When many Americans hear the word osteoporosis, they typically envision a frail, stooped-over elderly woman. But osteoporosis does not discriminate between genders. According to WebMD, approximately 2 million men in the United States have osteoporosis, while another 12 million are at risk and may already have low bone density, also known as osteopenia. Sadly, because the disease is so closely associated with women, many men who have osteoporosis don't even realize that they have it, and so they may not seek out the treatment that could slow down the progression of their osteoporosis.
This is truly a huge problem, as osteoporosis can actually be deadly. Studies have shown that men who suffer hip fractures -- a common injury that occurs in people with osteoporosis -- are twice as likely to die afterwards than women who have the same fracture.
What Males are More at Risk?
In general, men have larger bones than women, which is one of the reasons why osteoporosis typically affects more females than males in their fifties. But between the ages of 65 and 70, females and males begin losing bone mass at about the same rate. So age is definitely a risk factor and is becoming increasingly so as the population ages. In addition to age, though, these are some of the other factors that can make a male more susceptible to osteoporosis:
- Low testosterone.
- Excessive consumption of alcohol.
- Vitamin D deficiency.
- Certain medications, including glucocorticoids, which are commonly used in the treatment of asthma.
- Certain diseases, including rheumatoid arthritis and Cushing's syndrome.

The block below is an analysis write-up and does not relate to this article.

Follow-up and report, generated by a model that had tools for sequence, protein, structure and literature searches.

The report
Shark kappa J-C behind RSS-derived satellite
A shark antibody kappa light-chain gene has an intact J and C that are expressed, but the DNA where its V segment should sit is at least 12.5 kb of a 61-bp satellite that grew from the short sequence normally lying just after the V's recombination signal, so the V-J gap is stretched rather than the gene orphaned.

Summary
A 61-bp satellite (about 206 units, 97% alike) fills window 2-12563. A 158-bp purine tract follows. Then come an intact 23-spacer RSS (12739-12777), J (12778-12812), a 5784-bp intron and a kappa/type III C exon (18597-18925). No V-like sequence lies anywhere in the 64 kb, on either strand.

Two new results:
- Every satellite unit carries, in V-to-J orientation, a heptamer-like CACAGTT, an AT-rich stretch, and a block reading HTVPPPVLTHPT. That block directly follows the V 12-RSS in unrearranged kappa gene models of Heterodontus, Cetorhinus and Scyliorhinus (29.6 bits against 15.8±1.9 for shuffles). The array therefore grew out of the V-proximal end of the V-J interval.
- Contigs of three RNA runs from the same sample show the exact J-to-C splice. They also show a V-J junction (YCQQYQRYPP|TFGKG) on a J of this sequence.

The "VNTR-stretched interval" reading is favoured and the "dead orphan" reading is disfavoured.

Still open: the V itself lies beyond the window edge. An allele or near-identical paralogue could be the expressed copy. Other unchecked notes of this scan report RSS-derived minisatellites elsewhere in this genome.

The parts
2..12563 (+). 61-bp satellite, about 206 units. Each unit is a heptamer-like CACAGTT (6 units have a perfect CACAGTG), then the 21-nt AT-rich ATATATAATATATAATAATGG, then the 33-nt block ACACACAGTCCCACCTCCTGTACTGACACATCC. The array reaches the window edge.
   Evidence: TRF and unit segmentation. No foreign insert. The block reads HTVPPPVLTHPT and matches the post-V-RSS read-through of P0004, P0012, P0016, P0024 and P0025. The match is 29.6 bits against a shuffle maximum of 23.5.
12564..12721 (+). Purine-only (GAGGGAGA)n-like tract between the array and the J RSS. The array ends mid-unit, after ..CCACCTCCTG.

- Have a family history of osteoporosis.
In addition, a man's race can also be a factor. White males, for example, are more likely to than other races to develop osteoporosis.
Symptoms of Osteoporosis
Osteoporosis is known as a "silent" disease, meaning that many men don't discover that they have weak bones until a fracture occurs. However, some men may notice the following symptoms first:
- Loss of height. As humans age, osteoporosis can actually cause the spinal column to shorten, according to the University of Arkansas for Medical Sciences.
- Changes in posture. A stooped-over appearance could be a sign of bone loss.
- Pain in the back. Constant pain may be a sign of a fracture in the back.
If a man believes that he may have osteoporosis, he should consult with his doctor so that he can undergo testing, which might include x-rays and a non-invasive bone mass measurement study. Then if the results of tests show that a man does have osteoporosis, his doctor will likely:
- Recommend and/or prescribe Vitamin D, calcium supplements and medications. A doctor may, for example, recommend that a patient start taking bisphosphonate, which will help increase the density of a patient's bones.
- Recommend that the patient exercise. Engaging in physical activity, especially weight-bearing exercises, can help to strengthen a man's bones.
- Possibly reduce the strength of other medications. For example, if a man has been using a glucocorticoid, the doctor may choose to lower the dosage.
- Continually monitor a patient's bone density. A physician may recommend that a patient be seen every one to two years for a bone density scan.
- Recommend that a patient make certain lifestyle changes. These changes might include such things as quitting smoking or cutting back on alcohol consumption.
In addition, men who have low testosterone levels may also be prescribed testosterone replacement therapy, which could come in the form of a skin patch, a gel or may be given through an injection.
Make No Bones About It
As the population ages, it is likely that more males will be having to deal with osteoporosis and its side effects, such as brittle or broken bones. So it's important that men pay attention to possible signs that they may be suffering with osteoporosis or osteopenia and seek help as soon as possible, if necessary, from their doctors.